Indian River Inlet – DSSP

Indian River Inlet (IRI)

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Indian River Inlet before the new bridge.

The Indian River Inlet, part of  Delaware State Seashore Park (DSSP) offers direct access to the Atlantic Ocean from the Indian River Bay and Rehoboth Bay.  IRI is in the top ten of dangerous inlets, boaters beware it can get hairy in there fast if you aren’t paying attention.  Then again some days it is calm and serene looking, especially at a slack low tide.  Even seasoned boaters can run into trouble heading in or out of the inlet. Jetty anglers be aware of the tides and the large breakwater rocks that line both sides of the inlet. The north and south rocks also lead out directly into the ocean.  The north and south beaches can be fished along the rock jetties during the off season.  Also after lifeguards have left for the day, but keep an eye on the surfers.  Fishing the Indian River Inlet takes patience, practice, and above all pay attention.  You can lose gear or your footing real fast.

Fishing beyond the safety of the railing on the jetty cap can be dangerous. We do not recommend the inexperienced or ill equipped chance their safety.  Whether you walk out to the end of the rock piles or just fish on the other side of the jetty cap rail, the inlet is dangerous if you are not paying attention. The rocks below the tide line are covered with algae, and other growth,  which make them very slippery.  You need korkers or some kind of studded shoe or boot to walk on the rocks.  The rocks always above the tide line are fine to walk on just be careful if one moves you can pitch forward, and they are slippery if covered in sand or debris.  During dead low tides the rocks on the ends of the jetty and the lower areas will dry and become walk-able until they get wet.  I have seen people crawl back to the dry rocks and even get stuck on the tower of the south side jetty.  The inlet is dangerous and you need to respect that when you are fishing those jetties, especially out front.  Many anglers are wearing the less cumbersome auto PFD devices when they are fishing the rocks.  If the angler is washed off they can hit a button and float.  Rouge waves can wash across the rocks and sweep an angler of their feet, into the water.  Always go with a buddy,and keep a close eye on your surroundings.  Especially if you are fishing at night.

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Fishing the rail at the Indian River Inlet during the striped bass blitz in 2010.  The rail can get crowded.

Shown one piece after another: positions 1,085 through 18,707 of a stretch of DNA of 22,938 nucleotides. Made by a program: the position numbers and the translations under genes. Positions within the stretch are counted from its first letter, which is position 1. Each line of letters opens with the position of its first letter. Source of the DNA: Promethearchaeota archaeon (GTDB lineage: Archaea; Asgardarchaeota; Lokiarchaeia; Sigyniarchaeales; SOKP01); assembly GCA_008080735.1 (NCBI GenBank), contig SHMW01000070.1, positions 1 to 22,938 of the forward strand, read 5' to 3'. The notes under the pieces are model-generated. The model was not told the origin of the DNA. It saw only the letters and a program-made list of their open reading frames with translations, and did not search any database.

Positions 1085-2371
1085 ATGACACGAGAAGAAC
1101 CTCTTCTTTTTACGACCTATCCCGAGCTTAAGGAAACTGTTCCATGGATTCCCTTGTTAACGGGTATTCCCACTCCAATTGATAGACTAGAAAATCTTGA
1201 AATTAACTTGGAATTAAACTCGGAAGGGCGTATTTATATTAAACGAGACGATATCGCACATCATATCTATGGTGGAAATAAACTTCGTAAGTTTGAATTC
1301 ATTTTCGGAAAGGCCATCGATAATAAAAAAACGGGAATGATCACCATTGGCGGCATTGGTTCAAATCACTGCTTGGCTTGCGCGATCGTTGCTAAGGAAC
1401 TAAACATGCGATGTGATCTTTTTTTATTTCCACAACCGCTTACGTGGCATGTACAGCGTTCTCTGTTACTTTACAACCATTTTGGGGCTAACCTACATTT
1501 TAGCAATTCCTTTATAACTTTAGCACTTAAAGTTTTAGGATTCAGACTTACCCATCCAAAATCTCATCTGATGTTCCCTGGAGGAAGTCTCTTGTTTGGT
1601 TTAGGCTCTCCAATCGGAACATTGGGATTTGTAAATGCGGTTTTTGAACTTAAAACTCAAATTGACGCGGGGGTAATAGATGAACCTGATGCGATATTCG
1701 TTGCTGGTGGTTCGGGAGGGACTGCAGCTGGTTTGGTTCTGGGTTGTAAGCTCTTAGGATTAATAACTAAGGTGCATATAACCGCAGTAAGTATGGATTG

Both the north and south sides of the inlet offer railings for anglers to fish from but fishing from the rocks below the railings offers the best chance t  Throughout the spring, summer and fall bluefish can be targeted with relative ease as they follow the pods of baitfish around the inlet. The spring and fall striper runs bring healthy doses of 30-plus inch keeper rockfish.  Some years they come into the Indian River Inlet and some years they don’t.  We do have a good population of resident striped bass to keep anglers busy. During mild winters large striped bass will be caught til the end of January, sometimes year-round.

While in season, Tautog (Tog or blackfish) are frequently caught close along the rocks. Further back on the north side of the inlet is the Indian River Inlet Coast Guard station. The station lights illuminate the water and offers a premium spot for blue fish, shad and striped bass to be found. However, you’ll likely be competing for fishing room as this is a favored fishing spot.  The back side of the Coast Guard Station bulkhead wall known as Bubble Gum beach is another access point for shore anglers.  Farther away from the rock pile where the grass section starts, that entire rock wall has a lot of smooth sand in front of it, and offers some decent flounder fishing.  Croaker, small sea bass, oyster crackers, and bluefish will hit all along the rock wall.  You can take the family for the day and fish along the rocks and watch the boats go by.  Be careful walking on these rocks, they are smaller than the ones onthe bridge side.  These rocks can teeter n occasion when you walk on them.  Check the rocks around you before you start walking along the edge too much.  A net will be a big help for any large fish.  There is a pay station for parking near the metal bridge if you park at the marina side.  if you park near Bubble gum beach, across from the Center for The Inland Bays, there is pay station there too.  A grey post called an iron ranger.  The other option is to pay at the booth for the main parking lot and then head back there to park.

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The North wall of The Indian River Inlet

The best baits for the inlet flounder are live spot, live mullet, or mummichog minnows, although anglers  have success with white and pink Gulp minnows jigged on bucktails.  Fishing along the rocks on the south side out front along the area where the beach washes over the inlet wall is a decent spot to try. Otherwise it is Bubble gum Beach or the south side wall.  Just below the last bend the water is shallower with a sandy bottom.  A good place to target flounder.

The Indian River Inlet (IRI) is a great place to fish offering a diversity of species that require a variety of techniques.  You can’t just stick some bait in on a hook and expect to catch everything that comes through, but that technique will work on some species.  One of the best parts of  IRI is learning how to fish there.  Hopefully this helped you get a handle on the area and let you explore on your own.   The hardest part about fishing the Indian River Inlet isn’t where, it is deciding how much gear you are willing to lose.

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